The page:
So you’ve finally found the nerve to leave your 9-5 and become your own boss. Great! As a small business owner in 2018, you will be in good company.  According to the U.S. Small Business Administration, there are more than 28 million small businesses in the United States ( small businesses are defined as businesses with fewer that 500 employees). But the big question is how to choose the right legal structure for your business? Each option has its pros and cons. After reading about each type, you may want to seek legal advice or a tax advisor to determine which is best for your business. Here are a list of the most popular business structures:

Sole Proprietorship

This is the easiest of all structures but puts you in perhaps the most vulnerable position financially.  As a sole proprietor, there is no separation from you or your business. You are your business. Every dollar made by the business is simply added to your personal tax return.

The advantages of a sole proprietorship is its ease in setting up.  The disadvantage of this entity is the business owner’s personal liability for the business financial obligations. You may feel an obligation regardless of the structure because it is your business. However, as a sole proprietor, you expose all of your personal assets (home, savings, etc.). This structure  also doesn’t lend itself to a sense of prestige as a corporation or LLC.

Limited Liability Company

A LLC has become quite popular and the “go-to” entity for many small business owners. It is a hybrid between a corporation and a sole proprietorship, offering easy management, pass-through taxation, and the liability protection of a large corporation. Let me explain pass-through taxation. Basically, any profits or losses incurred by the company can be passed on (pass through) to your personal tax return. Just like a corporation and unlike a sole proprietorship, it is a separate legal entity. Like a sole proprietor, there is no stock issued.

The advantages of a LLC is it provides the protection of a corporation, but taxed similarly to the sole proprietorship.  Technically, a LLC is not taxed because all gains and losses on the entity are passed on to the owners of the company and filed on their personal tax return. The disadvantages of a LLC is the expense involved in setting it up compared to a sole proprietorship.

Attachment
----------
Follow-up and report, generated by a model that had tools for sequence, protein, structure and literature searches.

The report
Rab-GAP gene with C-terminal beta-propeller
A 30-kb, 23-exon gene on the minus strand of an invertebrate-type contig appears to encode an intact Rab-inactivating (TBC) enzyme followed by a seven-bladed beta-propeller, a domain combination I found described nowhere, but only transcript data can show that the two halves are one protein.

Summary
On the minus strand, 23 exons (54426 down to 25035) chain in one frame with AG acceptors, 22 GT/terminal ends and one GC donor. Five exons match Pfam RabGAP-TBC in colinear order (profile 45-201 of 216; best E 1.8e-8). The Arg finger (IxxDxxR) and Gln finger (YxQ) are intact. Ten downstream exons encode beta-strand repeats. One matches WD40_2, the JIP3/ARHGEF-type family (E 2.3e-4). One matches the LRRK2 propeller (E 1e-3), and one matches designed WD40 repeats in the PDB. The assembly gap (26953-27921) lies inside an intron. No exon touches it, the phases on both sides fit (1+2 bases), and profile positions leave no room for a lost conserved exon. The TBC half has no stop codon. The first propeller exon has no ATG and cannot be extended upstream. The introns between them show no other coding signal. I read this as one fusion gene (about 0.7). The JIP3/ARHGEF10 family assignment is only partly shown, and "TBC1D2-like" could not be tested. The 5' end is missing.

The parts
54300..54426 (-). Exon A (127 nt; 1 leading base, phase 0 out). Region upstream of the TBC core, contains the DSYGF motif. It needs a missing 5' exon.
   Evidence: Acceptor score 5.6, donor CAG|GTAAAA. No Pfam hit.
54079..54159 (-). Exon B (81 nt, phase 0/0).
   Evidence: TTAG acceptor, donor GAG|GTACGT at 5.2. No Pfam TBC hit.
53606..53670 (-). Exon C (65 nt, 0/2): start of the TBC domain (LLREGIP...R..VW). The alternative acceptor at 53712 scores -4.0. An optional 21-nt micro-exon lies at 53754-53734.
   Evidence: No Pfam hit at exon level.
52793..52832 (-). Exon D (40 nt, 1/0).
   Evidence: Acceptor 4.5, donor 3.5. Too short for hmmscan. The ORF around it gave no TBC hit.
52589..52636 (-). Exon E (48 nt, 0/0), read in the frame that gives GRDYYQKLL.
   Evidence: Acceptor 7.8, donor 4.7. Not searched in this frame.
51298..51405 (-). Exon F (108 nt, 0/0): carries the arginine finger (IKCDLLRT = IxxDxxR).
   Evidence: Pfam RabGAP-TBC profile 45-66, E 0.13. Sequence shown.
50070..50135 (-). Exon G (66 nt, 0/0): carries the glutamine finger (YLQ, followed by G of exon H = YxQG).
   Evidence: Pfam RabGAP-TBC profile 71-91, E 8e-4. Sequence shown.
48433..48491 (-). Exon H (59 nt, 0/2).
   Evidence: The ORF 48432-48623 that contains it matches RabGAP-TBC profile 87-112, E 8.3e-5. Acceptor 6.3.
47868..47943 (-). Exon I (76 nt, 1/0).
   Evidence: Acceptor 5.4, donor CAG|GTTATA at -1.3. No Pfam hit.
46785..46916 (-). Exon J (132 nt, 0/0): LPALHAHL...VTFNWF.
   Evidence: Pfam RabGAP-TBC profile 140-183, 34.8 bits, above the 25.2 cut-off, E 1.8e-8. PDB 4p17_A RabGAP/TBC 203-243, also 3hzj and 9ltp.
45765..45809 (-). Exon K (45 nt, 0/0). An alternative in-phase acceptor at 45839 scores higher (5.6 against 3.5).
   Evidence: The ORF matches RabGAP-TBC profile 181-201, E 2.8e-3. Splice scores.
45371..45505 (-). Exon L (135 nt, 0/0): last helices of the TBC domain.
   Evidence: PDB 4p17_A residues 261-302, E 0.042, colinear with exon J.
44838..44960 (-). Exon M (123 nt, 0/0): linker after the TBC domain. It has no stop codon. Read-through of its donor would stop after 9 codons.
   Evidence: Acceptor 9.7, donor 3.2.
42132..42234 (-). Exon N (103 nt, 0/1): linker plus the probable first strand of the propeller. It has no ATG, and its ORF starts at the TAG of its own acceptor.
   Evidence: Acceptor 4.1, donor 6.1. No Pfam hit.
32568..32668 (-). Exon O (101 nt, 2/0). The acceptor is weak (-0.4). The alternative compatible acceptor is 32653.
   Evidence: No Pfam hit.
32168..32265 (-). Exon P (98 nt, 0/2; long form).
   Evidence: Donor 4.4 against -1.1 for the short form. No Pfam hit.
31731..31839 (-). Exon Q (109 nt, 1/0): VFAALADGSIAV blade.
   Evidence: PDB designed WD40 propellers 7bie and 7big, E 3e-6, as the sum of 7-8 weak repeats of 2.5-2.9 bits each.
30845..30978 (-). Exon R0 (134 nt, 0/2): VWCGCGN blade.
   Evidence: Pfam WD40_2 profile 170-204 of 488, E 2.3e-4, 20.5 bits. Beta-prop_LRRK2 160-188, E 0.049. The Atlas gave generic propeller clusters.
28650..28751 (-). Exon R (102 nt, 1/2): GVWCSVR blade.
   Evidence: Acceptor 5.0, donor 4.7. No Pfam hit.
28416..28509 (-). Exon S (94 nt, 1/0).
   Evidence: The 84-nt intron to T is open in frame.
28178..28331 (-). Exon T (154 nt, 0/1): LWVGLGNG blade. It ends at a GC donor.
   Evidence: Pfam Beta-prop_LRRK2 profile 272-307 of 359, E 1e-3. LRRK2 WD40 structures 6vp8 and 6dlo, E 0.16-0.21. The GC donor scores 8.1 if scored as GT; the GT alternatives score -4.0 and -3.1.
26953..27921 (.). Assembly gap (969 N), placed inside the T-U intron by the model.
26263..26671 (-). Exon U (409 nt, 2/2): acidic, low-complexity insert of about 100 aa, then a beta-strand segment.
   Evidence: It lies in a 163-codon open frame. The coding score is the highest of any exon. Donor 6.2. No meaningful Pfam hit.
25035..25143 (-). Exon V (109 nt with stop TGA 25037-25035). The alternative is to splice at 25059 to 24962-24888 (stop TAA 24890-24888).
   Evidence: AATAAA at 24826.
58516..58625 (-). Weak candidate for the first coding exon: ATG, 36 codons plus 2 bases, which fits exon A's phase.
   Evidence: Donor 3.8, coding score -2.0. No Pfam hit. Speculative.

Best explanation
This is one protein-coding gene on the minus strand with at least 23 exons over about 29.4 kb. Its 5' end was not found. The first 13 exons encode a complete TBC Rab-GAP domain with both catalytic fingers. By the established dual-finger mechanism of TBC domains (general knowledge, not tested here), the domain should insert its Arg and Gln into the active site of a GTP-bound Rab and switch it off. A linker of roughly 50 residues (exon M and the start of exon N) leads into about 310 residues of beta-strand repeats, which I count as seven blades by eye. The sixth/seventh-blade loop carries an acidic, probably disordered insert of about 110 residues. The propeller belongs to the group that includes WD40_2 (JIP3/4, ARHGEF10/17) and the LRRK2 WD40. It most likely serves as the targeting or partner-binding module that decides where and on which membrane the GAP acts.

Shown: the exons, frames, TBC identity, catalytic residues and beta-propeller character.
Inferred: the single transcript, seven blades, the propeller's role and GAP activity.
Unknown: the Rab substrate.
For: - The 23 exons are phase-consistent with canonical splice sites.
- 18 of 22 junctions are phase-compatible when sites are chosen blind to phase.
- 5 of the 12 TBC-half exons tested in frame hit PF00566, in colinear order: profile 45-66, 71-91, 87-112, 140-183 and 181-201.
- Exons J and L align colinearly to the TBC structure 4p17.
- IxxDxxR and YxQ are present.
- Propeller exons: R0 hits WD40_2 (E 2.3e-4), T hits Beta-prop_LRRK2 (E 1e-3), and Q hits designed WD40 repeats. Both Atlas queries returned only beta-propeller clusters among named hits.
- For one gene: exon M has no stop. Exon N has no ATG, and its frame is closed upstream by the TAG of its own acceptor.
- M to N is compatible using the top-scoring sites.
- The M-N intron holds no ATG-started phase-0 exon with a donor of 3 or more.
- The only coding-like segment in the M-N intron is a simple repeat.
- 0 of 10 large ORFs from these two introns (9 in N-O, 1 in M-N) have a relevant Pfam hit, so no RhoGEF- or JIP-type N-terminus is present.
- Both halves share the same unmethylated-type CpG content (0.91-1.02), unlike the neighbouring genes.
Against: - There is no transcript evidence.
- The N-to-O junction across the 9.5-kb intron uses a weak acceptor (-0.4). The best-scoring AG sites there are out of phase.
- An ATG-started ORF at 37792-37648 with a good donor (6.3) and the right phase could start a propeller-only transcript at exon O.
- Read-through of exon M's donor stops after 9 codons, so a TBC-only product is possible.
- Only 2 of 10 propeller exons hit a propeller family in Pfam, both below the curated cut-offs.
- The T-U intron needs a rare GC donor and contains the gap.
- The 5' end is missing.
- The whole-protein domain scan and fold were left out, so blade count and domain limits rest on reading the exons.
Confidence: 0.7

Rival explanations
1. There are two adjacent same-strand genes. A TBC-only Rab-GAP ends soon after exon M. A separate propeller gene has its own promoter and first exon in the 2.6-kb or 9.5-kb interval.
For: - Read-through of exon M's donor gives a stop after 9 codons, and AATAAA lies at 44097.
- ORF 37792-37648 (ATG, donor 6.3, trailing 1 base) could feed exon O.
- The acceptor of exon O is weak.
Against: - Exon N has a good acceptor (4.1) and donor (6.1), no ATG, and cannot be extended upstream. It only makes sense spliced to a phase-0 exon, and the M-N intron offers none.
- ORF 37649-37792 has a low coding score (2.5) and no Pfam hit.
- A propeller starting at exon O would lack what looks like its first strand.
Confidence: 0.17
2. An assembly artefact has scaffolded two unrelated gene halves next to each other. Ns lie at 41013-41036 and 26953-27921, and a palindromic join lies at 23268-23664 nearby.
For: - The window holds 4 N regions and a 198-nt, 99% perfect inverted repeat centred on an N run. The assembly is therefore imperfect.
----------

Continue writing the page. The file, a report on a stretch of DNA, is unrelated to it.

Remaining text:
S-Corporation

S-Corporation is technically not a business structure, but a tax filing status.  S-corp refers to Subchapter S of the IRS code. You can set up a LLC and file as a S-Corporation by submitting form 2553 to the IRS.  So, what does all of this mean and the advantages of it all. The S-Corporation is taxed like a sole proprietorship in that the company’s income will pass through to shareholders and be taxed on their respective personal tax returns. While enjoying the prestige and many of the tax advantages of a corporations, the S-corporation does not have the issue of double taxation (taxing the company and it’s owners) like a Corporation.

S-Corporations also does not have many of the tax-deductible expenses of a Corporation.  The cost of set up, the paperwork involved, and formalities are far greater in nature than a Sole proprietorship. One standout disadvantage of the S-Corporation is the restriction of “100 or fewer” shareholders, the shareholders must be U.S. citizens, and the business cannot be owned by another business.

C-Corporation

C-Corporation is completely separate from its owners existing in perpetuity surviving the owner’s death.  With a corporation, you can issue stock, raise money, and transfer ownership of the company.

A C-Corporation may have more allowable business expenses than the other entities. It protects the owners from personal liability and just may come across with a bit more prestige than the other entities.  The average person thinks, “Big” and “Deep Pockets”  when they see and hear corporation. Obviously, there is more paperwork involved in setting up a corporation and as mentioned, the income  may be taxed twice, once at the corporate level and when distributed to owners as dividend income.

 

The decision you make on the structure of your business is not irreversible.  As your business grows, you may decide that a different entity may be a better fit.  Just make sure you seek professional advice if you are uncertain which type is best for you.

 

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Terrell Dinkins is a wealth empowerment speaker and author of “One Bucket at a Time: A Woman’s Guide to Creating Wealth”.  Follow Terrell Dinkins on Facebook, Twitter, and Instagram @onebucketnation and www.onebucketnation.com

 

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